- The Washington Times - Tuesday, October 18, 2005

HOUSTON — Everything was in place. Minute Maid Park was ready to erupt. And the Houston Astros, one out from clinching the first pennant in the franchise’s 44-year history, were ready to join in the celebration.

Until Albert Pujols decided to crash the party with one of the most explosive blasts in baseball history.

With his team on the verge of elimination in Game 5 of the National League Championship Series, Pujols sent a hanging slider from Brad Lidge caroming off the girders high above the left-field fence and sent this series back to St. Louis.

Pujols’ three-run homer, a no-doubter off one of the game’s most-dominant closers, gave the Cardinals a stunning 5-4 victory last night and left every one of the 43,470 who witnessed it speechless.

Instead of an Astros coronation by Lance Berkman — who likewise clubbed a three-run homer in the seventh — there was a dramatic display of Cardinals resolve. Instead of losing this series in frustrating fashion, St. Louis heads home for Game 6 tomorrow down 3-2 but with Houston suddenly doubting itself.

“It’s terrible,” Astros manger Phil Garner said. “You’re high as a kite one minute. … But you have to play every out. We failed to play every out tonight. We just didn’t do it.”

Lidge entered in the ninth with his team up 4-2 and struck out the first two batters. But he surrendered a two-out single to David Eckstein and then walked Jim Edmonds on five pitches. Up came Pujols, a perennial NL MVP candidate who immediately thrust himself into postseason lore by absolutely crushing Lidge’s 0-1 offering.

“I’m a big believer that it’s not over until you make 27 outs,” Pujols said. “I know I was the fifth guy coming up in the inning. Hopefully, I’d be the last guy to make an out — that’s the attitude I was taking.”

Jason Isringhausen retired the side in the bottom of the inning to wrap up this October thriller and leave the American League champion Chicago White Sox waiting at least two more days to find out who they’ll be facing in the World Series.

“We’ll never give up,” St. Louis ace Chris Carpenter said. “And it showed tonight.”

It didn’t look like things were headed that way, not after Berkman took Carpenter the opposite way in the bottom of the seventh to give the Astros a seemingly safe lead.

With Craig Biggio (who reached on an error) and Chris Burke (who singled) on the corners, Berkman reached out to tag Carpenter’s fastball into the Crawford Boxes down the left-field line. He danced around the bases in glee, and the Astros prepared to kick off a glorious celebration.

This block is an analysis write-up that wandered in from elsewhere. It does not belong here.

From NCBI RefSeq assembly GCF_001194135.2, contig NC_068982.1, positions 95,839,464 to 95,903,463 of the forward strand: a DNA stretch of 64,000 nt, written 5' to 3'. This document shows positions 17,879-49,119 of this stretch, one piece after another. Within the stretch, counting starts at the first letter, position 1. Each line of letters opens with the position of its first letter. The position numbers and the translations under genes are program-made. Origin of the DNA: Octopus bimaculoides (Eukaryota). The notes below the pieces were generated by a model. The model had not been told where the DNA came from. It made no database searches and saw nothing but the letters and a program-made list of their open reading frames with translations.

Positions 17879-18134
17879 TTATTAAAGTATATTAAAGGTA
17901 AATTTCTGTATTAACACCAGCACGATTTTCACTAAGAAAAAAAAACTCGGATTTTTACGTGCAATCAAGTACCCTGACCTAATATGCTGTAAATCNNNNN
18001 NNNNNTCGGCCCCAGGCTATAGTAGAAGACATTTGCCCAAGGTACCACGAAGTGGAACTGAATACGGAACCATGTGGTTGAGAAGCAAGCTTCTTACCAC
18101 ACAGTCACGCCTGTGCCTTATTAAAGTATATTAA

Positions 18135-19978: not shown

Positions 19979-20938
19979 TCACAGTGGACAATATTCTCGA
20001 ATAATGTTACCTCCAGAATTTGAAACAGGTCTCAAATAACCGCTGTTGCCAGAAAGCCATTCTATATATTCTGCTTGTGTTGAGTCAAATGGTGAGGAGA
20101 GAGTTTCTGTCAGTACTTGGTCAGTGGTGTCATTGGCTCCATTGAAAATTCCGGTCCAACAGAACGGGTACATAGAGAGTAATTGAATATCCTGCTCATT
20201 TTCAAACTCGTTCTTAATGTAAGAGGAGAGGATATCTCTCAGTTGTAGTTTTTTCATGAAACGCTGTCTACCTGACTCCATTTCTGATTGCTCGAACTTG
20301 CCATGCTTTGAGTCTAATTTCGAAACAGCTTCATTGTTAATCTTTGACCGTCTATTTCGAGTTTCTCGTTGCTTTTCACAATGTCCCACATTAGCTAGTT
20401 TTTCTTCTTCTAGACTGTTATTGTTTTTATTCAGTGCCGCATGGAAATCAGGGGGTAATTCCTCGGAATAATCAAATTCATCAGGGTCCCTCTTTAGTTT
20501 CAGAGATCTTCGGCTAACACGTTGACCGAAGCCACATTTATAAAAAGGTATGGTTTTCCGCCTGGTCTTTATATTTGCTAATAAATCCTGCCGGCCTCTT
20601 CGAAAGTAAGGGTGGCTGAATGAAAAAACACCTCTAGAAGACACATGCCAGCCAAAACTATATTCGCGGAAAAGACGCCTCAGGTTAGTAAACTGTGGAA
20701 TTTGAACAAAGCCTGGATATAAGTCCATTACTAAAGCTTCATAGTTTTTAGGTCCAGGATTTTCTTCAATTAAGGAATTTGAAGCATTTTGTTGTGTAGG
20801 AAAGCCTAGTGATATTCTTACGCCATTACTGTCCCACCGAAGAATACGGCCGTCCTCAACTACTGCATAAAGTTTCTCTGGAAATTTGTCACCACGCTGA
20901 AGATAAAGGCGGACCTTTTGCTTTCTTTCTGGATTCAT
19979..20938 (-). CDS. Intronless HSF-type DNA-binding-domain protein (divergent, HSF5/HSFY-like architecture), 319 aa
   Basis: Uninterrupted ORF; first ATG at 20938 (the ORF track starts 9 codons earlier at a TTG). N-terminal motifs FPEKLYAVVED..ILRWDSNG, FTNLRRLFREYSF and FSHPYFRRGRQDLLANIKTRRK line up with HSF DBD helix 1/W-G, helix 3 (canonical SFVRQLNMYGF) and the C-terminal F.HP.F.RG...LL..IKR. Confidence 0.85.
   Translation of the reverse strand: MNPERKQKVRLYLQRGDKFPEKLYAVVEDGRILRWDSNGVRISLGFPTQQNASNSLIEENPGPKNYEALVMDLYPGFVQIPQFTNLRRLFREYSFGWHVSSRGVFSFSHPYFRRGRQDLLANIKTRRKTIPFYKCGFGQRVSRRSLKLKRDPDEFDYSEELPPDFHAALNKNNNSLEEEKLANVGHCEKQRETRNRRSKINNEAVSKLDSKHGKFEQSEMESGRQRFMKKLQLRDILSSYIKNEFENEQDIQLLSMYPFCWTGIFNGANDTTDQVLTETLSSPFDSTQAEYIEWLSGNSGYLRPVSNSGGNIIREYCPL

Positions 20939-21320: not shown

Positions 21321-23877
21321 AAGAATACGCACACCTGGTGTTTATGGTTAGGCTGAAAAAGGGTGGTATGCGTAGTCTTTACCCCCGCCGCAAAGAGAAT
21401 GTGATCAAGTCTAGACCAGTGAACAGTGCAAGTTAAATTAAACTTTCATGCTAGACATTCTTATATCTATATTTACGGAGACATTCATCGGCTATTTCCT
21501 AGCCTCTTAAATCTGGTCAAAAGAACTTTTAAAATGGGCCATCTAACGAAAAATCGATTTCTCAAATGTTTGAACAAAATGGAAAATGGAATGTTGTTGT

That celebration will be put on hold for a while, at least until Game 6 tomorrow at Busch Stadium, which gets to be host for at least one more game before it is demolished. St. Louis will send left-hander Mark Mulder to the mound against Houston 20-game winner Roy Oswalt.

There was an air inside Minute Maid Park last night not found in the previous games of this series. The sellout crowd started packing the park more than two hours before game time, filled with the kind of anticipation that only comes with a potential pennant clincher.

The fans knew what was at stake here. By the time Andy Pettitte threw his first pitch to Eckstein, the masses were practically worn out from so much pregame cheering.

Once everyone settled in, though, it became obvious that a long, drawn-out night was in store. The two clubs combined to put 12 men on base in the first three innings alone, but not until Biggio lofted a two-out, broken-bat single in the second did either team score.

Clutch hits have come at a serious premium during this series, so when Pettitte struck out both Pujols and Reggie Sanders with two on in the third, it looked like the Astros might escape yet another jam. But like Biggio the inning before, Mark Grudzielanek managed to bloop a two-out, broken-bat single to right, this one bringing home two runs to give St. Louis a 2-1 lead.

With that advantage, slim as it was, at his disposal, Carpenter dug in and went to work. The right-hander was hardly dominating— he was perpetually pitching out of the stretch — but he came through when he had to. Besides Biggio’s second-inning single, no Houston hitter could drive in a run.

Carpenter got better as the night wore on. He struck out Burke, Morgan Ensberg and Mike Lamb in the fifth and retired the side in the sixth but finally wilted in the seventh.

Pettitte, too, was sharper in the middle innings, keeping the Cardinals from adding to their lead before departing with one out in the seventh to a standing ovation.

Garner handed the game over to his talented bullpen, unaware of the disaster that awaited.


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